Something evil has come to reside in a castle by the chill waters of the North Sea: men disappear and are found as horribly wizened corpses, knights ride out and return under an enchantment that dulls their minds. Read more...
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Something evil has come to reside in a castle by the chill waters of the North Sea: men disappear and are found as horribly wizened corpses, knights ride out and return under an enchantment that dulls their minds. Both the townspeople and the court under Sir Odinell's protection live in fear, terrorized by forces beyond human understanding. But rumors of a wise woman blessed with mysterious powers also swirl about the land. The call goes forth, and so it comes to be that young apprentice Hob and his adopted family--exiled Irish queen Molly, her granddaughter Nemain, and warrior Jack Brown--are pitted against a malevolent nobleman and his beautiful, wicked wife.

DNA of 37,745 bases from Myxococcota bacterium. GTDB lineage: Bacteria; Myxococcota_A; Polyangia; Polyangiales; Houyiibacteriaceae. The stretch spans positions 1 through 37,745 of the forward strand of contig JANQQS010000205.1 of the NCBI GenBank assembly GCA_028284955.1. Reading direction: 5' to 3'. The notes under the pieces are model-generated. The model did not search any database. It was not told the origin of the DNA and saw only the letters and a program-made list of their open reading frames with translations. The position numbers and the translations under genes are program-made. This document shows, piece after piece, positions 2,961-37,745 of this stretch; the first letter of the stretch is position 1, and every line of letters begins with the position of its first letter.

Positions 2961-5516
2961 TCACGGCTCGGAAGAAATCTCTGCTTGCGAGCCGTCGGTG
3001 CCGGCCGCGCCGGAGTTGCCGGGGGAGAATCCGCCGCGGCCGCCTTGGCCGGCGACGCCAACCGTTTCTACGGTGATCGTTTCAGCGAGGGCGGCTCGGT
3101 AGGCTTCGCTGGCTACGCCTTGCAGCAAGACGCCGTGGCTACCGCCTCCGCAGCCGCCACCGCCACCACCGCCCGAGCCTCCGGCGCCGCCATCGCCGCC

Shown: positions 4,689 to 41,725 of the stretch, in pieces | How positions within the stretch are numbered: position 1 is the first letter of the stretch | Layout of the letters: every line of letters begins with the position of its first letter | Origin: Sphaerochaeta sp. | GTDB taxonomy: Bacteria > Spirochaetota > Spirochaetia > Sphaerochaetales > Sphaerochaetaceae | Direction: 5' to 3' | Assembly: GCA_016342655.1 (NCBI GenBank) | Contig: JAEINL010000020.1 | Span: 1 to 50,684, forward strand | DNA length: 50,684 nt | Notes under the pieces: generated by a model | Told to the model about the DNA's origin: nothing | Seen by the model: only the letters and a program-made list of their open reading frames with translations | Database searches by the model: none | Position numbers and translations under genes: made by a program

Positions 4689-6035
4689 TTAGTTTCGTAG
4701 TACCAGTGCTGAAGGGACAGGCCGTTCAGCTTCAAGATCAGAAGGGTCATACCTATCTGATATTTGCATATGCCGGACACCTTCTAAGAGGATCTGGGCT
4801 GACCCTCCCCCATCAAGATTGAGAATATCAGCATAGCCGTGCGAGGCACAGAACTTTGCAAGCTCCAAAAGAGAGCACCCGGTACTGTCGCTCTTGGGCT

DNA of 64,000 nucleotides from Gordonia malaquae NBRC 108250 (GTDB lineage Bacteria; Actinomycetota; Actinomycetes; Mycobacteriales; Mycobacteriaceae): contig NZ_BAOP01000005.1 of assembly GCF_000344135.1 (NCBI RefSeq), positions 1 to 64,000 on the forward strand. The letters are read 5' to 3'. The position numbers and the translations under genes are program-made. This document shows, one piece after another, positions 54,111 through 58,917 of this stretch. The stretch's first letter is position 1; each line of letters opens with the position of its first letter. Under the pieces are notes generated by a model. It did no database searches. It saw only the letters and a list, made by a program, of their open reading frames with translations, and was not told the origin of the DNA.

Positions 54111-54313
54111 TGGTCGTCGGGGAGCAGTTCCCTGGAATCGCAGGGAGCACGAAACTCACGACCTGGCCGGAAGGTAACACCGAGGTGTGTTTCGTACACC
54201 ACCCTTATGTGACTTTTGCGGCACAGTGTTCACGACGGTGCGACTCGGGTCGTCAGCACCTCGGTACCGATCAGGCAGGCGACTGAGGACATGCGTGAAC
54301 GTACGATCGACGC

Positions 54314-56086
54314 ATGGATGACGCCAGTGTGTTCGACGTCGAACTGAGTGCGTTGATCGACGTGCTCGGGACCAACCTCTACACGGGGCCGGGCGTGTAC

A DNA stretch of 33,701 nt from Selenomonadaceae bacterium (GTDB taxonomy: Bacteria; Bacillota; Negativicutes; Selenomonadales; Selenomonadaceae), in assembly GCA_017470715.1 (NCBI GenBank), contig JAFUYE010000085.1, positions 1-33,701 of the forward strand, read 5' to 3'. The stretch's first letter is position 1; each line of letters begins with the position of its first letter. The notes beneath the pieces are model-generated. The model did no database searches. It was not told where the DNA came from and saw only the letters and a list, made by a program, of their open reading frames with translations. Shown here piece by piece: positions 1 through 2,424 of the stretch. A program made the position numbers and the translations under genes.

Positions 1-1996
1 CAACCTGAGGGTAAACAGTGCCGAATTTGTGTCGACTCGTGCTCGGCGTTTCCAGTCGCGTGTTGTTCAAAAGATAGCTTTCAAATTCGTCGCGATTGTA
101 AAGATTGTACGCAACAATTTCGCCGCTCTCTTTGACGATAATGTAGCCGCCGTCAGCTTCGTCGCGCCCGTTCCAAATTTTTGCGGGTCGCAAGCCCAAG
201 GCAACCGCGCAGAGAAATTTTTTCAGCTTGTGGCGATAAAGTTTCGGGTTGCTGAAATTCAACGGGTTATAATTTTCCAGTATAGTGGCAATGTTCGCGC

Richly set in the inns, courts, and countryside of thirteenth-century northwest England, "The Wicked" is a darkly spun masterpiece that will leave fans of epic fantasy thirsty for more.
Publishers Weekly® Reviews
- Reviewed in: Publishers Weekly, page .
- Review Date: 2013-11-11
- Reviewer: Staff
A dark threat shadows medieval North England in Nicholas’s eerie sequel to Something Red. Known for handling the supernatural, Irish Queen Maeve, called Molly, agrees to aid Norman lord Sir Odinell in investigating the mysterious deaths plaguing his lands. Odinell blames Sir Tarquin, a newcomer to a local stronghold, who boasts an evil manner and the uncanny ability to hypnotize Odinell’s knights. Molly gathers her team—her teen granddaughter, Nemain; her lover, shapeshifter Jack Brown; and Nemain’s betrothed, the squire Hob—but she still ends up doing most of the work herself, and narrator Hob often fails to grasp or convey the nuances of Molly’s actions. There is never a mystery about the villain, only about how Molly and company will triumph in the end. Nicholas’s strength lies in the historical setting and his use of language; the dialects are sometimes challenging to decipher, but they give the dialogue a pleasant solidity, and his prose mimics the flow and structure of speech. Fantasy readers interested in the medieval period will be drawn into Nicholas’s detailed world. (Mar.)